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Calamity

Haywood

Well-Known Member
Famous
#1
I have always been careful to the point of paranoia around my main display, because of what I paid for it. Today, I was packing out the system and set some cables down on the cabinet in front of the TV. The cabinet was closer to the screen than usual and the wire pile was slightly higher than I thought. When I set the cables down, the pile tipped over and a power cable put an inch long scratch in the front of my TV. The front of the set is a single piece of glass, but I was fortunate enough that the scratch is in the bezel area and not in the screen. It is small. It could almost be confused for a cat hair, but it BOTHERS me greatly. I nearly had a panic attack when I did it and I'm still really upset. You can't even see if from viewing distance. Hell, you can only see if from five feet away if the lighting is right and you know what to look for. Yet I'm upset. Really upset.

Is that nuts?
 

Randy

Well-Known Member
Famous
#2
Nah, not nuts at all. You have nice stuff and you want to take care of it. That is admirable.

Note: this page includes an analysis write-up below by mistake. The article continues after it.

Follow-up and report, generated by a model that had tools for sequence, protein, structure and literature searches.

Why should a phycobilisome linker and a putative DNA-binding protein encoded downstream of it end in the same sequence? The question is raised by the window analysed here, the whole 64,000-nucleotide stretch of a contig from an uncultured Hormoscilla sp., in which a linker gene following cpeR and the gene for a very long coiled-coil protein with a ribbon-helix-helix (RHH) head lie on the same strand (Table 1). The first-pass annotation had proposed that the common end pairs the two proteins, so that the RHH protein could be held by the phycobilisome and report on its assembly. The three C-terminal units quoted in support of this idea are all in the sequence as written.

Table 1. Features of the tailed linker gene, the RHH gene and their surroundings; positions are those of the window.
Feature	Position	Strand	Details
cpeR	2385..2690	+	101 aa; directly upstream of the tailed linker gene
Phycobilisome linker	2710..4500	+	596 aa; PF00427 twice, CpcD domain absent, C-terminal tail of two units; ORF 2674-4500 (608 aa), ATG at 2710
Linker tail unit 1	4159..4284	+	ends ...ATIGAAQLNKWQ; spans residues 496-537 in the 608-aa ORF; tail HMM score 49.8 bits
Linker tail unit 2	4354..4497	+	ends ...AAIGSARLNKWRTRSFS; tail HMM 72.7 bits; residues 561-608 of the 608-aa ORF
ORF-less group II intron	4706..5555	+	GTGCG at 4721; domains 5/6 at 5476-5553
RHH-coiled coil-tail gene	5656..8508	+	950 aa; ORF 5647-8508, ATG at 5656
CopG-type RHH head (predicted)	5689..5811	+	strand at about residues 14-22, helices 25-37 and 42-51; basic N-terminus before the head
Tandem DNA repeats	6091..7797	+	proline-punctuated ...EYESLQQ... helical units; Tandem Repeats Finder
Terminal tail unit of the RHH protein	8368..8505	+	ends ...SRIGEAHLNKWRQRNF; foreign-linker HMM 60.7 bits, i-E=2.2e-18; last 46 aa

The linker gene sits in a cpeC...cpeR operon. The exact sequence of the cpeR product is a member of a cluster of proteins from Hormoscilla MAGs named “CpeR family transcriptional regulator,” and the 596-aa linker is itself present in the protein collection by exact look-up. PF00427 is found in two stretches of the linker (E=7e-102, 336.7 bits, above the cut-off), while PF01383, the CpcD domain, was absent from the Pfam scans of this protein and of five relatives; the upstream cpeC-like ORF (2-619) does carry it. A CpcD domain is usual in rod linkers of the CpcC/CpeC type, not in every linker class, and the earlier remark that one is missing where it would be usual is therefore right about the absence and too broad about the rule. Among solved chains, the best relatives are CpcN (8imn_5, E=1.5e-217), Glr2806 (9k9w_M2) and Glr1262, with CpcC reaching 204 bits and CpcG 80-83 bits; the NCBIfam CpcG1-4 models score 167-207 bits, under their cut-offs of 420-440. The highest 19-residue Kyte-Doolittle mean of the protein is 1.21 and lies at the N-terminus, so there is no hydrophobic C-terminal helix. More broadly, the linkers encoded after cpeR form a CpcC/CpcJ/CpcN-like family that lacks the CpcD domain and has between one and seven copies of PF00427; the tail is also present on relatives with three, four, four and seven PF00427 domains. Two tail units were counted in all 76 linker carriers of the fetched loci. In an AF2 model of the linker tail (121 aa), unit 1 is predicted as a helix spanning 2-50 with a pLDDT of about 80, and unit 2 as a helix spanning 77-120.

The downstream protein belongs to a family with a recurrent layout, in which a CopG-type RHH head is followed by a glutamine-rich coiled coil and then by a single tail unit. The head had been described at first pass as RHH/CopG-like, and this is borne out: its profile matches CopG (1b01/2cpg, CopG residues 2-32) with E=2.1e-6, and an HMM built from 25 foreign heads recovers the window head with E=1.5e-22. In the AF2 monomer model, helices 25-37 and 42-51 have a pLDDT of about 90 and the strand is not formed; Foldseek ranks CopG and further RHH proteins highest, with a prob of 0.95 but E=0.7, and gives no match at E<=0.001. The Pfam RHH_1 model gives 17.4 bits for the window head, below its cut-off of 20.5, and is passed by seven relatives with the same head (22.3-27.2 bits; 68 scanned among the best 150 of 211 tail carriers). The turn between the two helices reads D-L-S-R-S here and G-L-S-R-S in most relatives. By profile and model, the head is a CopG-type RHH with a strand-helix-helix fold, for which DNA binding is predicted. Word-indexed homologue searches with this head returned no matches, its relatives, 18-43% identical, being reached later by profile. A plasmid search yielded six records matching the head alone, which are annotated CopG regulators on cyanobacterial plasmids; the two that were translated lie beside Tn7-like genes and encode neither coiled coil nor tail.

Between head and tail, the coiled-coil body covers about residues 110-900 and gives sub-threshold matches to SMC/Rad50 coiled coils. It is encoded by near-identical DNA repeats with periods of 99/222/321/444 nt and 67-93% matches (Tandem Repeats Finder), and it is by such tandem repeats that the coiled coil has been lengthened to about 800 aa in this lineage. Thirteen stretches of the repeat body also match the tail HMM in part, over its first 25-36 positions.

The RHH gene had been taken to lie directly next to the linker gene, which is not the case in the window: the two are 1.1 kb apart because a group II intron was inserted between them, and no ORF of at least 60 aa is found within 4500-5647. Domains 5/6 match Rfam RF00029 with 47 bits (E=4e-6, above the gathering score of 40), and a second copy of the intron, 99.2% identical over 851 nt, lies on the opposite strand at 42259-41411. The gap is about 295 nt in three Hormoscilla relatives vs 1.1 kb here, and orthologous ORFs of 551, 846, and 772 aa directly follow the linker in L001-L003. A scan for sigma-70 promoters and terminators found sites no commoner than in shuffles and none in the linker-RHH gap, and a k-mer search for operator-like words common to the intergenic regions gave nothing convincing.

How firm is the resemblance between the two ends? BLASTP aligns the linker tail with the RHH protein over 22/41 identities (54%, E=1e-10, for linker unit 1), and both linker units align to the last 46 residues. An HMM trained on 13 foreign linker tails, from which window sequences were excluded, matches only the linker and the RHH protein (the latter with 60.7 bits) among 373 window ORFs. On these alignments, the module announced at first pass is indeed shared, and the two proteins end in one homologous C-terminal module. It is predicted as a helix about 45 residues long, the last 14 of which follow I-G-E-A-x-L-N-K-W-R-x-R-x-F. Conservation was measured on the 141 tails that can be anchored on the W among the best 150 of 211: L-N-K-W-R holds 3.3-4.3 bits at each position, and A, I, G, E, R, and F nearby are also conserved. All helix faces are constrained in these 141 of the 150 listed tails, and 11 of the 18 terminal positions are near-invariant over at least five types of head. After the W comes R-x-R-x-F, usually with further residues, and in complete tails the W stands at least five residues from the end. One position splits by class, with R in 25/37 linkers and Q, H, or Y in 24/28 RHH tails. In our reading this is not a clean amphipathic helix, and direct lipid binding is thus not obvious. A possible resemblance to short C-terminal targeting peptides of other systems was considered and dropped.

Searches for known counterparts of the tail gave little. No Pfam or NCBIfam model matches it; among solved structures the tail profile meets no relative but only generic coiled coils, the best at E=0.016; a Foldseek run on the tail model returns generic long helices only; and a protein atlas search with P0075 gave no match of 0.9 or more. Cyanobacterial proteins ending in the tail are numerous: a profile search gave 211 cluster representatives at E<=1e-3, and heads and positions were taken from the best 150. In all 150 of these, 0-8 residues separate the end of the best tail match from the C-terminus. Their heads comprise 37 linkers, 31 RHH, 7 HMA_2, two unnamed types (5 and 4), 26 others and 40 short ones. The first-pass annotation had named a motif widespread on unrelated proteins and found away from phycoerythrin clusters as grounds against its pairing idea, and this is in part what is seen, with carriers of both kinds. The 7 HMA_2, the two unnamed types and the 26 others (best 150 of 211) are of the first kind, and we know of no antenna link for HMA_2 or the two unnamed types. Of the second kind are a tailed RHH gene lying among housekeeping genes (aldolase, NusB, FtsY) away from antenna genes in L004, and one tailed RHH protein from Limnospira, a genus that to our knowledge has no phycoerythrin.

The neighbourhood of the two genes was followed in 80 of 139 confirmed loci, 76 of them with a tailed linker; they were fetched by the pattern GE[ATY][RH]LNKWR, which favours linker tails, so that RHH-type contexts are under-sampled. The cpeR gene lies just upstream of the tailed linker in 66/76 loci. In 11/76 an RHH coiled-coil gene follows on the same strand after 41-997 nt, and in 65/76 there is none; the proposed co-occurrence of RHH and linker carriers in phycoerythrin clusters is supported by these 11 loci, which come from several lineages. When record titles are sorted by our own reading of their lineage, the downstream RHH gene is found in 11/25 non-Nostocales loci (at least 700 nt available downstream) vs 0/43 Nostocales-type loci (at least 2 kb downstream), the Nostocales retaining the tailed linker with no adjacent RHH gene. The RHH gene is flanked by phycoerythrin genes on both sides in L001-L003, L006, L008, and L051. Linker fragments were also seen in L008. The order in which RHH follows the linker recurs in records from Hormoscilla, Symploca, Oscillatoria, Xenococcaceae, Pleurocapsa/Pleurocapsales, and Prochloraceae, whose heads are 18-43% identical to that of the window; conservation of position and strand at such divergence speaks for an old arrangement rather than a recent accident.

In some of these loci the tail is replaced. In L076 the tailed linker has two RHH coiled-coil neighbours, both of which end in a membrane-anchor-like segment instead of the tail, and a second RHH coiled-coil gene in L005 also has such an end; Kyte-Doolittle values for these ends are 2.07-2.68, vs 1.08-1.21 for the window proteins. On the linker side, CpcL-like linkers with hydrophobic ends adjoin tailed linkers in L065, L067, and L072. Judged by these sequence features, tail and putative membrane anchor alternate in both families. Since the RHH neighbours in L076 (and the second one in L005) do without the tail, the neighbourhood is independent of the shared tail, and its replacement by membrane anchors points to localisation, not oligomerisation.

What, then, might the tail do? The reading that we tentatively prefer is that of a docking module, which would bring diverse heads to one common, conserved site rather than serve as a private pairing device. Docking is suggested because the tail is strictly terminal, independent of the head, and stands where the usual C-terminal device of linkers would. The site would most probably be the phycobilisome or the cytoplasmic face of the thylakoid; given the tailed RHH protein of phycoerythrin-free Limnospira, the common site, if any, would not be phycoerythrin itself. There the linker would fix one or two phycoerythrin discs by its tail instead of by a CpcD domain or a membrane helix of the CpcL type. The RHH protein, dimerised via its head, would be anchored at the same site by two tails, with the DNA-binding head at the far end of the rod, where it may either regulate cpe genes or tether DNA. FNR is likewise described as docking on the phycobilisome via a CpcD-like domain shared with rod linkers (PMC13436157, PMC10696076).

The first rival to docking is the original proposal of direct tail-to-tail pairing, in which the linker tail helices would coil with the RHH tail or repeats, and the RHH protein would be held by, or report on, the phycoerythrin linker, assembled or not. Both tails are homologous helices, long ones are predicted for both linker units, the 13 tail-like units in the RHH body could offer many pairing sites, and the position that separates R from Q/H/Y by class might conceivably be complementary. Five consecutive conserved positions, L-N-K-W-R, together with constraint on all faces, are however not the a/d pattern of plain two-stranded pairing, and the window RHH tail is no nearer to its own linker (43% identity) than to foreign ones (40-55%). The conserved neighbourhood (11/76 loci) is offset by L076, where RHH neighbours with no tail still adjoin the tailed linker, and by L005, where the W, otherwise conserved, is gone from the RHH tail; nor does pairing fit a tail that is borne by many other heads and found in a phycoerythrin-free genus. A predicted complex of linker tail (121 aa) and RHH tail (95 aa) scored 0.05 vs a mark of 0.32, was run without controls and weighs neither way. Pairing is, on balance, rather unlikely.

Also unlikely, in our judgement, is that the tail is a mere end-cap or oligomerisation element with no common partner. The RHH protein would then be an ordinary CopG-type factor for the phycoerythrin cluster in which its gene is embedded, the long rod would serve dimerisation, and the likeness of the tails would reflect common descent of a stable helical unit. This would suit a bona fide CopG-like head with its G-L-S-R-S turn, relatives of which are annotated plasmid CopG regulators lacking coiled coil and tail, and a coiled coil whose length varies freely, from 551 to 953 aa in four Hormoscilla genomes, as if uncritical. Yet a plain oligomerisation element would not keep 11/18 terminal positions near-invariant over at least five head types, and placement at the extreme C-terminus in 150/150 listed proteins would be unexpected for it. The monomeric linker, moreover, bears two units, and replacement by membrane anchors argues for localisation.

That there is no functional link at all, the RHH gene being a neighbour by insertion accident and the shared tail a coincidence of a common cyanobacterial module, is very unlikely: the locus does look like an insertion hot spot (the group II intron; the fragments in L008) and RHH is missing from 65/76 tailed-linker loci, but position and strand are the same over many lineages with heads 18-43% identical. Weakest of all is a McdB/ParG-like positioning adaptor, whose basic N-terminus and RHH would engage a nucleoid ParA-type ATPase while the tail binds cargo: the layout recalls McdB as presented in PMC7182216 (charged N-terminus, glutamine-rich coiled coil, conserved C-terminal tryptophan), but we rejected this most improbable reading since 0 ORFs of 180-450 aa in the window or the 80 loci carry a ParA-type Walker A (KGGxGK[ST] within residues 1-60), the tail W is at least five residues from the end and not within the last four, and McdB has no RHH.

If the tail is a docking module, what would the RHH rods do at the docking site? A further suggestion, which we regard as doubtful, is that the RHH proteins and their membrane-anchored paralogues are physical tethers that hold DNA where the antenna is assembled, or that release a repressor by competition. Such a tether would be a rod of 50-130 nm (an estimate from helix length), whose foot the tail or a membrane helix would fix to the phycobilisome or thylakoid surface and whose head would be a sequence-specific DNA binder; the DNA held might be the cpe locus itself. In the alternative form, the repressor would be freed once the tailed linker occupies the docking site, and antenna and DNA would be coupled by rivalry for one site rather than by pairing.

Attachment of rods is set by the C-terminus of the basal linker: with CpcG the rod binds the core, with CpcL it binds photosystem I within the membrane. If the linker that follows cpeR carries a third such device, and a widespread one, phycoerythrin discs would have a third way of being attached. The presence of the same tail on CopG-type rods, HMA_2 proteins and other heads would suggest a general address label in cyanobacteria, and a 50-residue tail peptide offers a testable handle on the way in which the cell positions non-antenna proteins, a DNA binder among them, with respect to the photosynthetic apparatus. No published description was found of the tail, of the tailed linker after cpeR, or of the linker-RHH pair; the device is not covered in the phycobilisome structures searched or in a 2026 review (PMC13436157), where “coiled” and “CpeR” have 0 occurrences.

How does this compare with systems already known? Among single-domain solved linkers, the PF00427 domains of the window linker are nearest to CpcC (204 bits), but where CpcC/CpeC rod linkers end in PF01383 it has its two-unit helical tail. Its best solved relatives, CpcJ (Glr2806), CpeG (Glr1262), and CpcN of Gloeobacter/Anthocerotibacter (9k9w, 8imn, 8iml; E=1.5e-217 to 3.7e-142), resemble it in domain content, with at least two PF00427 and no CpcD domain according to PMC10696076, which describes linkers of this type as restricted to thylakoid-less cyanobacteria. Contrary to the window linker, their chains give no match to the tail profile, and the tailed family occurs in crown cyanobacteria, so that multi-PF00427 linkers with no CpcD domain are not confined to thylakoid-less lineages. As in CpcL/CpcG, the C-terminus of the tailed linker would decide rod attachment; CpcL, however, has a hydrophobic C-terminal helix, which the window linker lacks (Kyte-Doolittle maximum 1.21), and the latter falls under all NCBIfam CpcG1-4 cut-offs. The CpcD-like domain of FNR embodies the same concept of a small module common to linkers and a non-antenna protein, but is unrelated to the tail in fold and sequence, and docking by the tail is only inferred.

As I age though I am not as sensitive to those sorts of things as I used to be. When I was younger I would have obsessed over that and let it raise my blood pressure. Hell, somebody tried stealing my, rather expensive to me, boat and banged it all up and the next weekend I loaded up the cooler and went out and enjoyed the hell out of it.
 

Towen7

Well-Known Member
Staff member
Moderator
#4
As I age though I am not as sensitive to those sorts of things as I used to be.
Me too. A friend of mine helped me realize that nobody’s judging us because there’s a tiny flaw in something, even if you were trying to keep it extra nice.
 

Haywood

Well-Known Member
Famous
#5
After I calmed down, I realized that I can't see it from five feet away unless the lights are all the way up and I'm looking at it from the right angle and I know where to look for it. The scratch is really, really minor. It is more the fact that it was the first scratch on something I've worked hard to keep extra good care of and it was caused by me being dumb. I'll get over it. I'm much more worried about getting it off the wall, moved and mounted without damaging it. It is probably the thing about the move I worry about the most.